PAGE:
Xylonite - The material of the future, from the past!
I found a small sheet of original xylonite in a reclamation yard and was quite fascinated by the material. Not sure what I am going to do with it yet, but it has made me curious about and interested in historical plastics.
Xylonite was the original name given in the 1870s to an improved version of Parkesine, the very first man made material we would recognise as "plastic" these days. Xylonite comes from the Greek Xylon which means wood.
Xylonite proper is made from cellulose nitrate and formed into sheets, like my offcut. It was then made into everything from knife handles to snuff boxes. Xylonite is shockingly flammable by today's standards; I put a cigarette lighter to an end to see if it would melt, and the flame literally jumped across and the Xylonite near enough exploded into flame. I'll keep that in mind when working on it in future, and clearly, heat polishing is not an option!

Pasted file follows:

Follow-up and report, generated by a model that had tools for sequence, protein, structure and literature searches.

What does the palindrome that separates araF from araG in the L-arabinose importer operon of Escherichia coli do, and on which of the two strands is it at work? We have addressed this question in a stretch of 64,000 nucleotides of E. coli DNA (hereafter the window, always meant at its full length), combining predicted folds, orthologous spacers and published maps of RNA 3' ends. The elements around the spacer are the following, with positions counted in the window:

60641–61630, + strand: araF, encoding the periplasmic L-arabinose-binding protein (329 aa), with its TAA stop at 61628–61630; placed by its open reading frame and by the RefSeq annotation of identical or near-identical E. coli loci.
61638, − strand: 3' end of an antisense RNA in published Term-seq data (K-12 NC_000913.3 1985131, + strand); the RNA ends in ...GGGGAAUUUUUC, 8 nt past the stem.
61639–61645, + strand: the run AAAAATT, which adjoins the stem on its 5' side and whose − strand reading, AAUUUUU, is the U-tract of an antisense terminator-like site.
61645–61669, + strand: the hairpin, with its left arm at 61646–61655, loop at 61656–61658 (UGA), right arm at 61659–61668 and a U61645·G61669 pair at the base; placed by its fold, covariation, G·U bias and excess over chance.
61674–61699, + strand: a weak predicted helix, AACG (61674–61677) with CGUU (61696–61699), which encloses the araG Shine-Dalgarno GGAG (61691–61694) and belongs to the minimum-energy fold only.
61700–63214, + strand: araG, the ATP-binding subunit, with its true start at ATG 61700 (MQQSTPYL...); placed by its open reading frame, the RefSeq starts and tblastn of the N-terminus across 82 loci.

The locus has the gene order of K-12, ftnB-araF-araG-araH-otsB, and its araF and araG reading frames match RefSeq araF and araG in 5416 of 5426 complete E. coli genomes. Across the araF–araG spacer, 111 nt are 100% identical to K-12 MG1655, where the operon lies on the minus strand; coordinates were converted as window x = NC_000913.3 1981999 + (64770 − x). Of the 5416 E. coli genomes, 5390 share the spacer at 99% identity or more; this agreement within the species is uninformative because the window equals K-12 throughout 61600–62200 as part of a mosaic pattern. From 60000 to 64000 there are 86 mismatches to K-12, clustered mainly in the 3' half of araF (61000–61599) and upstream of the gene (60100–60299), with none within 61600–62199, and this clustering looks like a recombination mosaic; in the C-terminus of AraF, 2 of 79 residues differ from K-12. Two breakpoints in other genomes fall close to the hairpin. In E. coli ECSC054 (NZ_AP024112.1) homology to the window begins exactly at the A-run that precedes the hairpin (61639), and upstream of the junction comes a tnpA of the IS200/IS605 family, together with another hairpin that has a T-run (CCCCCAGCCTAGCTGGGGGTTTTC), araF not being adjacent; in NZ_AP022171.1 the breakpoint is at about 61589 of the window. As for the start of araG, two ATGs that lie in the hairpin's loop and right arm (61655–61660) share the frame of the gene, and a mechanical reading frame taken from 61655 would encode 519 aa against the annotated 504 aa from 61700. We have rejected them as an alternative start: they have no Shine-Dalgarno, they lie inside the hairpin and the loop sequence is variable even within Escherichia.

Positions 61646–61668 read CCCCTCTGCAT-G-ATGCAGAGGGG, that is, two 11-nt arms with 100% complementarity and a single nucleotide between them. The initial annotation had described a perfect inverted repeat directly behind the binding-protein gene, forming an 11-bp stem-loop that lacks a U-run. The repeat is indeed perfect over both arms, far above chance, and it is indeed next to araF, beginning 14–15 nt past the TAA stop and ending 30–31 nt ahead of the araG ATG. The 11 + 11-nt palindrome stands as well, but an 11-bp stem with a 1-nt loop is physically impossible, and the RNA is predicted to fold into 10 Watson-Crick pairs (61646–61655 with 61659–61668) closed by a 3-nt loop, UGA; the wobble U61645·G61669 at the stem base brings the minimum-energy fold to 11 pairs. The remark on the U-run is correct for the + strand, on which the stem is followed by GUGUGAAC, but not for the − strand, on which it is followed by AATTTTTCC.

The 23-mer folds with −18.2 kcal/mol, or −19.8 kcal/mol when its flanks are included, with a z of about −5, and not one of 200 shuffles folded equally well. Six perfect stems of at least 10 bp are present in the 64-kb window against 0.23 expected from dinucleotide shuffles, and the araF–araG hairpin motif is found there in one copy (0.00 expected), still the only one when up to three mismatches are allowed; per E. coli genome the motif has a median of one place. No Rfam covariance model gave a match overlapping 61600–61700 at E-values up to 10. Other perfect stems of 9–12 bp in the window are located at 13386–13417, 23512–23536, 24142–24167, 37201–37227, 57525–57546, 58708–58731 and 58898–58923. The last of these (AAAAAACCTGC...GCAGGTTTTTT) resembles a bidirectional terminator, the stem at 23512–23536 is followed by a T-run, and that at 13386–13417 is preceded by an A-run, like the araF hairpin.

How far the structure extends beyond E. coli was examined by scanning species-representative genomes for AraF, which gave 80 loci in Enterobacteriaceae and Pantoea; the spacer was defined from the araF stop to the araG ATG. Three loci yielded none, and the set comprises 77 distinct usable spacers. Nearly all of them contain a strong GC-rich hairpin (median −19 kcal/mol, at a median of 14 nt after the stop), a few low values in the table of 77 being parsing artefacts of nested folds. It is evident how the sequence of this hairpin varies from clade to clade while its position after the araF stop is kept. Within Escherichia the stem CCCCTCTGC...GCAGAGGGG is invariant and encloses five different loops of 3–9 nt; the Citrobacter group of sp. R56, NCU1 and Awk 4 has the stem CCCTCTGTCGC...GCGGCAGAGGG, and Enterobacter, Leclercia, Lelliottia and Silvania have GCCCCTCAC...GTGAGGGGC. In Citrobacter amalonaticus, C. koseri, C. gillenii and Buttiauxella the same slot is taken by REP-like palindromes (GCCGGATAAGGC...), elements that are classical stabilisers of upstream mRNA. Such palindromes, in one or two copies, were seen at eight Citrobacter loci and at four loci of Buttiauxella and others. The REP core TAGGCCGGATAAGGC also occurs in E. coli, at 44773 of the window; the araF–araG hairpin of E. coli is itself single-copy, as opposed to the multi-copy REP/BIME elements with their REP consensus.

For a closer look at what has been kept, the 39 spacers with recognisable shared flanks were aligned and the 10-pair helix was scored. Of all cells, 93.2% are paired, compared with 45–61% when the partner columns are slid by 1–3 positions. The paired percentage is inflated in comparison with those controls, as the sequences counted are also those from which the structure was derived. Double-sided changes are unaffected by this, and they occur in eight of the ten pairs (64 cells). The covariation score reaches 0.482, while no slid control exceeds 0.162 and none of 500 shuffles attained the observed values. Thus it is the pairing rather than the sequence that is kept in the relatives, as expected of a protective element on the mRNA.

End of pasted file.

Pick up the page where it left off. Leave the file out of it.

My small sheet of Xylonite has an interesting energy to it which is what drew me to it. I look forward to making something out of it. And my research into the history of the material, its ancestry and the development of man made substances is fascinating.
Let's find out what happens next ... :-)
Xylonite Sheet cut off I found in a reclaimer's yard
Xylonite manufacturer's label closeup
Xylonite Advertisement from 1894
Me having fun making a Xylonite repeating seamless background texture :-)
Xylonite X animated gif :-)
More about Xylonite and other historic plastics can be found at: